By Catherine Wagley
By Channing Sargent
By L.A. Weekly critics
By Amanda Lewis
By Catherine Wagley
By Carol Cheh
By Keegan Hamilton
By Bill Raden
Conceived to travel, Wilson's Woyzeck uses skeletal scenery combined with computerized lighting. The visual style is eclectic, mixing elements of Weimar expressionism with 1960s minimal art and the kind of 1980s kitsch design popularized by the Memphis group (think Michael Graves tea kettles). With their lacquered, asymmetrical hairdos and stiffened costumes, the actors look like refugees from a Klaus Nomi concert, and their poses resemble Egyptian friezes. The Danish actors speak flawless English and, technically, are quite adept. Jens Jørn Spottag, who plays Woyzeck, offers something more impressive — the suggestion of a visionary inner life. But Woyzeck's tortured introspection and the gentle interplay between Woyzeck's young son and his grandfather (whom Wilson has renamed the Fool) are no match for the winking cabaret-styled delivery and one-note cynicism of the other performers. The result is an emotional impasse that even the energetic grind-house score can't overcome. This Woyzeck is visually elegant and mean as spit. It depicts a world no one would want to live in and leaves you with the sinking suspicion that perhaps we all do.
It's the sheer nastiness of the production that makes it such a disturbing contrast to the work that Wilson did during the first decade of his career. My memory of those spectacles — The King of Spain (1969), The Life and Times of Sigmund Freud (1969), Deafman Glance (1970-71), The Life and Times of Joseph Stalin (1973), and Einstein on the Beach (1976) — is of their overwhelming tenderness and their slightly scary, dreamlike quality.
Wilson found what was potentially arresting in each of his performers, many of whom were nonprofessionals. There was Sheryl Sutton, the Medea figure of the four-hour-long Deafman Glance, standing impossibly erect in her high-necked black Victorian dress and moving in slow motion as she took a knife to her children. There was Cynthia Lubar, screaming in what sounded like a half-dozen voices at once in Letter for Queen Victoria. There was Andy de Groat, spinning like a Sufi — so fast that he turned into a blur of white light. There was Wilson himself doing a kind of spastic dance in which every joint of his body seemed to move independently or leading a chorus of 60 dancing mammies in doo-rags and blackface, all of them hovering at the far side of the stage as if they knew they barely had to show themselves to make an impact.
WILSON GREW UP IN TEXAS AND CAME TO New York in 1963. He had studied painting and architecture, but he was also involved in doing dance and speech therapy with differently abled children and with the elderly. Two of the children he worked with — Christopher Knowles and Raymond Andrews — directly influenced his early work. Andrews, a deaf and mute African-American boy whom Wilson adopted, is the titular deaf man in Deafman Glance. Knowles, who is severely brain-damaged, wrote the poetic Gertrude Steinlike texts that Wilson incorporated into almost all of his performance pieces through Einstein on the Beach. Knowles' reading of his own texts on the CD of Einstein suggests the haunting quality of Wilson's work in the '60s and '70s far better than any photographic documentation. Knowles and Andrews, like Lubar, Sutton, de Groat and several other adults, became the core of a loosely knit performing troupe, the Byrd Hoffman School of Byrds. It was from the work Wilson did with this company that the distinct aesthetic of his theater developed.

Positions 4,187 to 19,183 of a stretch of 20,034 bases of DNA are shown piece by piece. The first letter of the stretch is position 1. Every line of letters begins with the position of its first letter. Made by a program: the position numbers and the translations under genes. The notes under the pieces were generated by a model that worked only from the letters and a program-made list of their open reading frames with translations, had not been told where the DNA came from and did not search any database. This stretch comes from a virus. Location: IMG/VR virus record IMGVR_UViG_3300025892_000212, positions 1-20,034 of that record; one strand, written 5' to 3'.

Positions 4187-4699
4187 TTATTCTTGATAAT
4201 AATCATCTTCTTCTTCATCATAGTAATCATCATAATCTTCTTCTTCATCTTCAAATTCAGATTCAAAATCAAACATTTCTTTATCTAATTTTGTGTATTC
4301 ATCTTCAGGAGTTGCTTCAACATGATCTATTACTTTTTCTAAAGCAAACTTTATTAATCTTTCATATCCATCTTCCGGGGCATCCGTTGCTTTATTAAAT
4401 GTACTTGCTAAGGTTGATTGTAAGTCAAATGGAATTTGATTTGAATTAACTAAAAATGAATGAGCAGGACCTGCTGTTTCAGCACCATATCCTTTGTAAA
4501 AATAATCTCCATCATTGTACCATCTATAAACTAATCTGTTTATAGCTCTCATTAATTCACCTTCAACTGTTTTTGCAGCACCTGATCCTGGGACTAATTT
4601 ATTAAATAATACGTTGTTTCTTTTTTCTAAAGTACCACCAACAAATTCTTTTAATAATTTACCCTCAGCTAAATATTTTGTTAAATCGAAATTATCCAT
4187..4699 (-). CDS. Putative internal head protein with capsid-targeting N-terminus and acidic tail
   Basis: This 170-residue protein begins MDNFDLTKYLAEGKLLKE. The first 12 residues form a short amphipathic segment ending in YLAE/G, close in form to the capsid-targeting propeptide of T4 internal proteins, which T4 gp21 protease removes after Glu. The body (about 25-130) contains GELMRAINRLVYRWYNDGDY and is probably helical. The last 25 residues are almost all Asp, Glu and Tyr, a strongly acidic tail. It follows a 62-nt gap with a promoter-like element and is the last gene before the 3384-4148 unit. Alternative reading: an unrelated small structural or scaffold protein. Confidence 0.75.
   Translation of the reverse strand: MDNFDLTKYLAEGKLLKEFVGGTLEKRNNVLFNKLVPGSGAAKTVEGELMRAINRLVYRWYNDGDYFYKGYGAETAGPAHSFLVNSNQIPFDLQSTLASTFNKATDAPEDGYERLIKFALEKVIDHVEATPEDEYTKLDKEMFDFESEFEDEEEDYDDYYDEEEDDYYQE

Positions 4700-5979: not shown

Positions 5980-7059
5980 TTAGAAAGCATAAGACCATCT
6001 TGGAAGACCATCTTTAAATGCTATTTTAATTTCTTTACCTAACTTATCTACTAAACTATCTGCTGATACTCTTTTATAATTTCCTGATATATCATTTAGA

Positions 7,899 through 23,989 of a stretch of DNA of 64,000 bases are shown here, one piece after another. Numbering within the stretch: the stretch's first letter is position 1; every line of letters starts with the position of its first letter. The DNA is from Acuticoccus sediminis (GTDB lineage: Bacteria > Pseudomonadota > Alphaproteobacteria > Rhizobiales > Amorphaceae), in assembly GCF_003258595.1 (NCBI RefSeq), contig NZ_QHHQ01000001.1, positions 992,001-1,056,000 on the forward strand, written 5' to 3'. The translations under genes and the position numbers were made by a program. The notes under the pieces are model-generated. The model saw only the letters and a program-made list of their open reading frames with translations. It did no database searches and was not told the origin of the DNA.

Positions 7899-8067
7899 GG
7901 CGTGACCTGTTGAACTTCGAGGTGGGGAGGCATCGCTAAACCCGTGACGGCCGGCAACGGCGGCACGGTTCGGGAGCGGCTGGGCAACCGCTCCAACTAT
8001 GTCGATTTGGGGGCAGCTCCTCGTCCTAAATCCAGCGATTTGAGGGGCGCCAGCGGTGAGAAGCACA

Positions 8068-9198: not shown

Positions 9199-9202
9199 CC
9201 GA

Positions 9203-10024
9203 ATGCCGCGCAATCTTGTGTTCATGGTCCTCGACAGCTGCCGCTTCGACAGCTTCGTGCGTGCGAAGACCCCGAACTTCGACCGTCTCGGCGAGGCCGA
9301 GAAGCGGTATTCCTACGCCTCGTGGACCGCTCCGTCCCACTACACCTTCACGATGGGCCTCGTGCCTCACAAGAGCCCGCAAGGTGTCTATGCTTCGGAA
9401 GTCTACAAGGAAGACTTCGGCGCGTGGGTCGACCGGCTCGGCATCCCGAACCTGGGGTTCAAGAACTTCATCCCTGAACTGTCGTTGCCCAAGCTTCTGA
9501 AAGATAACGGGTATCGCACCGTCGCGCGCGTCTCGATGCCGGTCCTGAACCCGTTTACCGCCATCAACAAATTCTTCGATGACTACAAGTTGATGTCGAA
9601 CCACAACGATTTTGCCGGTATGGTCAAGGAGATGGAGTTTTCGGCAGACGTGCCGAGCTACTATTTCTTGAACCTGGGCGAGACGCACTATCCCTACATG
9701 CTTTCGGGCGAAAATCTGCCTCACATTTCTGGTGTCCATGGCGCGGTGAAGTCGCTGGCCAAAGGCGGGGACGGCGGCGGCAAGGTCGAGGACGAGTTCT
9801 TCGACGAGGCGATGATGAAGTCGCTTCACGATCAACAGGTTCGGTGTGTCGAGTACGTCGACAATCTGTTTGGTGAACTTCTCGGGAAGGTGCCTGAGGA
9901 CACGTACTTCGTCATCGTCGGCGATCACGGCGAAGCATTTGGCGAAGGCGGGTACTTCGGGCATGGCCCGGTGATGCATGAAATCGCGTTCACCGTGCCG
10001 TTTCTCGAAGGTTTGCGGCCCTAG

Which is to say that, during the first decade of his career, Wilson's work was collaborative in a way that it has not been since 1980. Wilson has become the most peripatetic of directors, staging pieces with repertory and opera companies all over the globe. And although he has directed some great performers — the German actor Edith Cleaver and the opera diva Jessye Norman among them — some of us still miss the surprise, trust and, yes, tenderness that was evident in the bond between Wilson and the Byrds.
"I'VE ALWAYS THOUGHT ABSTRACTLY — through theme and variations rather than narrative. Or through counterpoint — putting two different things together so that you see each of them more clearly. But they have to be the right two things," Wilson says, explaining the aesthetic principles that guide his work during the ride to the airport. He and I and another man (whom I take to be his manager) are crunched together in the back seat of the car, and Wilson is still rifling through his pockets looking for his ticket.
Wilson (left) with longtime collaborator
(Photo courtesy Hansen-Hansen.com)
"How are we doing, James?" he asks the driver, who, on the way back, tells me that he drives Wilson whenever he does a piece at BAM and that he's always late getting to the airport. Now the manager is calling assistants, the travel agent, the airline, while Wilson rummages through his carry-on bags, dumping their contents piece by piece onto my lap.
"It's hysteria," he announces, not unhappily, as he attempts to answer the questions I am intermittently trying to pose.
"European actors are into naturalism, so in the beginning they feel restricted by me. They find it hard to maintain a line of tension. They fight it, but once they master it, they find a different kind of freedom. And now, with the computerized lighting changes, they have to be even more precise about being exactly in the right place. But if you look at Chaplin or Keaton or Astaire, their timing was meticulous. All theater is dance. Do you think we can be there in 15 minutes, James?"